A Columbus man learned May 22 that a minor infraction on your record may not be permanent, but it sure can last a long time.

A Columbus man learned May 22 that a minor infraction on your record may not be permanent, but it sure can last a long time.

Grandview police arrested the man on a 21-year-old warrant out of Columbus for a bicycle light violation.

"A warrant is a warrant, and if it's still outstanding, it has to be served," Grandview Police Sgt. Larry Balla said. "Especially if it's from another jurisdiction."

A Grandview officer responded May 22 to a burglar alarm at First Community Church.

He found the man there setting up a sound system for a funeral. The man said he apparently set off the alarm accidentally when he hit the wrong code.

A routine check of the man revealed the 21-year-old warrant.

"It was for a very minor violation, so we said why don't you finish your job here (at the church) then take care of this warrant afterwards," Balla said.

The man turned himself in at the Grandview police department after the funeral and was arrested on the warrant, he said.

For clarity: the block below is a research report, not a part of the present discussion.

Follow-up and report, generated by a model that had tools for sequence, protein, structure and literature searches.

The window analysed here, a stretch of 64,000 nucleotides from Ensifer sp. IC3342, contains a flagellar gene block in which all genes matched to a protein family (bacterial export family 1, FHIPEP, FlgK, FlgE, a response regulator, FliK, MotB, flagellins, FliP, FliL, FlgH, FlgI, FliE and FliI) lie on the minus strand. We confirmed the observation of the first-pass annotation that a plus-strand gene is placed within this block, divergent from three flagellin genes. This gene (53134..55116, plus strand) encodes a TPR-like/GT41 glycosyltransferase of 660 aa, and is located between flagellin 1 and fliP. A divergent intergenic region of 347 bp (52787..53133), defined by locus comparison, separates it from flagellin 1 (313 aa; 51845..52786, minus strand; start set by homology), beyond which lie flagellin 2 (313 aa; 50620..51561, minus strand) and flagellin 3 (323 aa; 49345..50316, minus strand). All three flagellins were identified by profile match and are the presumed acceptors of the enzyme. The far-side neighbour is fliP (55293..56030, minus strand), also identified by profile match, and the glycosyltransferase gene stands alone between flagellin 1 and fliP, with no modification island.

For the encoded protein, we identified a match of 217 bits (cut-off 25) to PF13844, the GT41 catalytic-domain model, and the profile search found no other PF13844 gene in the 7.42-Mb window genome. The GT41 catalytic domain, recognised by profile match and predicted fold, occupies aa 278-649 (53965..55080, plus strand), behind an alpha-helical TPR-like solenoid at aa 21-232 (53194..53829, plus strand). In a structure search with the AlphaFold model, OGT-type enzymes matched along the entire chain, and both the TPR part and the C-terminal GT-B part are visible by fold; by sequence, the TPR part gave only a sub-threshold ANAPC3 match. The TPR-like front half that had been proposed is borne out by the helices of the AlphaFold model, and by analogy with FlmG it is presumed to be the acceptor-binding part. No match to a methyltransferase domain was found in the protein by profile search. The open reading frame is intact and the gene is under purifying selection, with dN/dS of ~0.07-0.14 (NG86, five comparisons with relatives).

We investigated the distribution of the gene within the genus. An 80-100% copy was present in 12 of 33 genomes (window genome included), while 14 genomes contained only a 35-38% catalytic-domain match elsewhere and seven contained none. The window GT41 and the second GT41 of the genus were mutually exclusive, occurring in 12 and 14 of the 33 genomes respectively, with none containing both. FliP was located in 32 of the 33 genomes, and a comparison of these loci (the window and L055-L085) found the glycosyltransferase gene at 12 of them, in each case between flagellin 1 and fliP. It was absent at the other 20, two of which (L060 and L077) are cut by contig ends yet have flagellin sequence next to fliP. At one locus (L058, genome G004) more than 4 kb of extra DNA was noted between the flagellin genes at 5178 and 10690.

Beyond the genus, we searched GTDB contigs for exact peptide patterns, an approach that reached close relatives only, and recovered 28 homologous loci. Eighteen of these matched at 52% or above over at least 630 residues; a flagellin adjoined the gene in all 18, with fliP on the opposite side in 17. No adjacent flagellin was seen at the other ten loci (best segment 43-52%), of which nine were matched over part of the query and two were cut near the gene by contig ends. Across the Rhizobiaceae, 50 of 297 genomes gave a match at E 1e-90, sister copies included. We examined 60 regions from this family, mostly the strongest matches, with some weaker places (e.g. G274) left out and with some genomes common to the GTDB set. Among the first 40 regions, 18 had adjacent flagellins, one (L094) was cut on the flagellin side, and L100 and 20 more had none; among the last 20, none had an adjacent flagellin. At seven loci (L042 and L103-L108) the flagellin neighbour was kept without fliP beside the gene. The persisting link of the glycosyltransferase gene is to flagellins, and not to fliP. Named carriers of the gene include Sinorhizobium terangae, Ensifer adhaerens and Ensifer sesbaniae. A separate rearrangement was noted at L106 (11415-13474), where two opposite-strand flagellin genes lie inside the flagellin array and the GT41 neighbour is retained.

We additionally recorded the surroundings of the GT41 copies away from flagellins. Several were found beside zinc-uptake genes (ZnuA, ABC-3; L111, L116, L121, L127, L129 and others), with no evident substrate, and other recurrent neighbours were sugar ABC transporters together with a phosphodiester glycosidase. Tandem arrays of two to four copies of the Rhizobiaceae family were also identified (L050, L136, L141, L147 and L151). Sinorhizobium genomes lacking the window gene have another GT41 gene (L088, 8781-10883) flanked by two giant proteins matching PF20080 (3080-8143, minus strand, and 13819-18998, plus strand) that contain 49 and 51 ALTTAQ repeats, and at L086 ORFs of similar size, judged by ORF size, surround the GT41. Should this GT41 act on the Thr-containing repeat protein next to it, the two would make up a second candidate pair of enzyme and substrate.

"It wasn't a big deal. He wasn't fingerprinted, photographed or booked and he didn't go to jail," Balla said. "An officer took him downtown and he paid the fine and was released. It probably cost him an hour."

Not to mention the small fine for the 21-year-old bike light infraction.

Columbus has recently been updating its records, resulting in a number of old warrants turning up, Balla said.

"Sometimes they may find a partially paid fine or one that went unpaid," he said. "It's kind of humorous when it's for such a minor equipment violation like this one."

This incident wasn't the first time Grandview police have uncovered a vintage Columbus warrant, Balla said.

"I recently arrested a guy for an old warrant where the fine was only $28," he said.

When the background check reveals an outstanding warrant, the officer "generally knows whether it's a traffic warrant or a criminal warrant," Balla said.

The man involved in the May 22 incident "was kind of surprised," he said. "I doubt he was aware he had a warrant."

The man told police he had a vague memory of getting a ticket, Balla said.

"Whether he thought he had paid it or forgot to pay it, I don't know," he said.

"The lesson here is to always pay your fines and keep your receipt," Balla said. "An unpaid fine will follow you, you just don't know when (it will pop up).

"If you pay your fine and keep your receipt, life is good," he said.